ISTANBUL: Germany has warned its citizens traveling to Turkey that they could face legal action for using Virtual Private Networks (VPNs) in the country.
In the first-ever formal warning on the issue from such a high government level, the German Ministry for Foreign Affairs cautioned that the digital networks were strictly monitored by the Turkish government to control the flow of information.
The alert is likely to prompt travelers from other countries to be aware of the potential legal consequences of using VPNs.
With hundreds of thousands of websites now inaccessible in Turkey, its citizens and foreigners have been driven toward VPNs for free access to the internet. But the use of a VPN connection can turn some people into a person of interest in the eyes of law enforcement agencies.
“Do not sign any documents that you do not understand. Request a lawyer. Keep your ID on your person. Be open to cooperation while at security checkpoints,” the German ministry said in a statement.
Its updated warning noted that German citizens who had been active in Kurdish organizations in Germany were being detained in Turkey and it issued a reminder that insulting the president (of Turkey) or terror charges carried heavy sentences.
Turkey’s recent military incursion into northern Syria also prompted Germany to update its travel safety advice on eastern and southeastern regions of Turkey, while it cautioned against visiting the country’s major cities where potential terror group attacks could target foreign nationals.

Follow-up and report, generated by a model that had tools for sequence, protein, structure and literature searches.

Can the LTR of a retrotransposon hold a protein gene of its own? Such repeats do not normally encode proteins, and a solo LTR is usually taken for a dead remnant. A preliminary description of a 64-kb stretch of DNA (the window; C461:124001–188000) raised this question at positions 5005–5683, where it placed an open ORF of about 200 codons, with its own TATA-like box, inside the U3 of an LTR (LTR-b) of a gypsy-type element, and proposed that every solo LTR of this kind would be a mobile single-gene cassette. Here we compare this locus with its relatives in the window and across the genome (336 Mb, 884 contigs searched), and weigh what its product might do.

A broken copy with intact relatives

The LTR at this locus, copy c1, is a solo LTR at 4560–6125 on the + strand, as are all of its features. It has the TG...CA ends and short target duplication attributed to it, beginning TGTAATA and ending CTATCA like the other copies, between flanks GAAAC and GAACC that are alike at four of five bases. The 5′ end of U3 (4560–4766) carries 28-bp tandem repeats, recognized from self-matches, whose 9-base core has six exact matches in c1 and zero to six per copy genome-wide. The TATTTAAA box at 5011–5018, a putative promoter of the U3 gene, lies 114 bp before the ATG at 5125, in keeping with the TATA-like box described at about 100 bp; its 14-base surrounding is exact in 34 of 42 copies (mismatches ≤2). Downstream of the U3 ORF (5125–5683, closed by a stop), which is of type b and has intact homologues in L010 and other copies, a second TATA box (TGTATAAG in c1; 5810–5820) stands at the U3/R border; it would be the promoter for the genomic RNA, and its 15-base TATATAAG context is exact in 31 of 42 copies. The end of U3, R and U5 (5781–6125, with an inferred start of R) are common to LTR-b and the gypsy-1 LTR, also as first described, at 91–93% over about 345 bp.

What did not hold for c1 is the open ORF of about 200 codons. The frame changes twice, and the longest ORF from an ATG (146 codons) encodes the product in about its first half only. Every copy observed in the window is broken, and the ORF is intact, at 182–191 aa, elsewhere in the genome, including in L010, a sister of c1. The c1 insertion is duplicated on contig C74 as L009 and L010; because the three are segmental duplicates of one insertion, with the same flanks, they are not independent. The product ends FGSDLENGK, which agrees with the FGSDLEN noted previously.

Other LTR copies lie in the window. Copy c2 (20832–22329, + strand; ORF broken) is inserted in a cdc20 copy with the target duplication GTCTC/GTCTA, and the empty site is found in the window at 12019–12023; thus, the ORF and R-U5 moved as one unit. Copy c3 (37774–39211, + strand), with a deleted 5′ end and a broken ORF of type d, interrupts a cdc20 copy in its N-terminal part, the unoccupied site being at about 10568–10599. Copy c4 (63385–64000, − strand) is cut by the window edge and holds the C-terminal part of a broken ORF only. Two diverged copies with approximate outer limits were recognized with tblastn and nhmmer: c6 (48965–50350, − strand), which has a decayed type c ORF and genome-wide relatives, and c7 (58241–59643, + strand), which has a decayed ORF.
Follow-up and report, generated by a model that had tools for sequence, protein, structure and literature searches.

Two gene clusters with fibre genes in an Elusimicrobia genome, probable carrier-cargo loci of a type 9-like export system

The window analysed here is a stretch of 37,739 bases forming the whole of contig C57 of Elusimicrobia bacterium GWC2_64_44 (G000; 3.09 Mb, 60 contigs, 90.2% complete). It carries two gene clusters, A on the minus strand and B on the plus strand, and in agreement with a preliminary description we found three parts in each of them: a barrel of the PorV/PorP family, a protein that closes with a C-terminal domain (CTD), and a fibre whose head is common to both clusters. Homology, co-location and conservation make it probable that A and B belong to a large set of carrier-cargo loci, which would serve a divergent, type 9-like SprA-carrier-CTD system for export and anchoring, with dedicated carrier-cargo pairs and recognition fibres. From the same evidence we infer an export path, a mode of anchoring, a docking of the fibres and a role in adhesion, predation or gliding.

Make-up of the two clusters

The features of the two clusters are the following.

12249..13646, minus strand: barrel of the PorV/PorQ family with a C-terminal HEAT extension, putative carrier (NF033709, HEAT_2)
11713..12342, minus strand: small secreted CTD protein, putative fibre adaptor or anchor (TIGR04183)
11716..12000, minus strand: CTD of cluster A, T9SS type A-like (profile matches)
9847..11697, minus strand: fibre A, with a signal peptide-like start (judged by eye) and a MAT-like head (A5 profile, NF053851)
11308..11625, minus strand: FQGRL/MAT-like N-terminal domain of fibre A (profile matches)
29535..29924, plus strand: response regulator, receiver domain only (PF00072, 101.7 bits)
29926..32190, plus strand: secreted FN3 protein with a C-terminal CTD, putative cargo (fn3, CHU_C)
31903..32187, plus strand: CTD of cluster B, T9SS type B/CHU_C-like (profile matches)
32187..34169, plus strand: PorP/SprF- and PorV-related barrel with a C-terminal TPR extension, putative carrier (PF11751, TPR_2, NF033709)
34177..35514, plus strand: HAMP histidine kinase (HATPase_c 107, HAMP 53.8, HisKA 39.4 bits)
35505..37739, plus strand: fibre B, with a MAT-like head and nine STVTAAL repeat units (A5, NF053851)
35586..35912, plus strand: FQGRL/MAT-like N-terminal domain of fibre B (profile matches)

The warning coincided with the latest row between Berlin and Ankara over the detention of a lawyer who had been working on asylum cases in the German Embassy in the Turkish capital.
German officials have slammed the move as a “violation” of diplomatic conventions and urged for the release of the lawyer who was in charge of Turkish citizens seeking asylum in Germany. But Ankara has accused him of espionage.
Meanwhile, Turkey recently deported a number of German citizens with suspected ties to Daesh.
Isik Mater, a digital rights activist, told Arab News that nobody had so far been punished just for using VPNs, but the use of such internet tools had been among the political reasons for going after some foreigners.
The year-long incarceration of German-Turkish correspondent Deniz Yucel, of Die Welt, over espionage and terrorism charges brought Ankara and Berlin to the brink of a diplomatic crisis last year. He was released after intense political negotiations.
Mater, who is also the research director at media freedom watchdog Turkey Blocks, said internet service providers were able to detect the moment a person connected to a VPN, but could not reach the website the person clicked on.
“The only way the public authorities obtain personal information about people using the VPNs is through contacting the company which provides VPN services. But again, this means there is a political motive behind it,” she added.
Turkey Blocks regularly monitors internet censorship and blackout cases in Turkey. The group also reveals signs of interference and cyberattacks on critical infrastructure using real-time measurement techniques.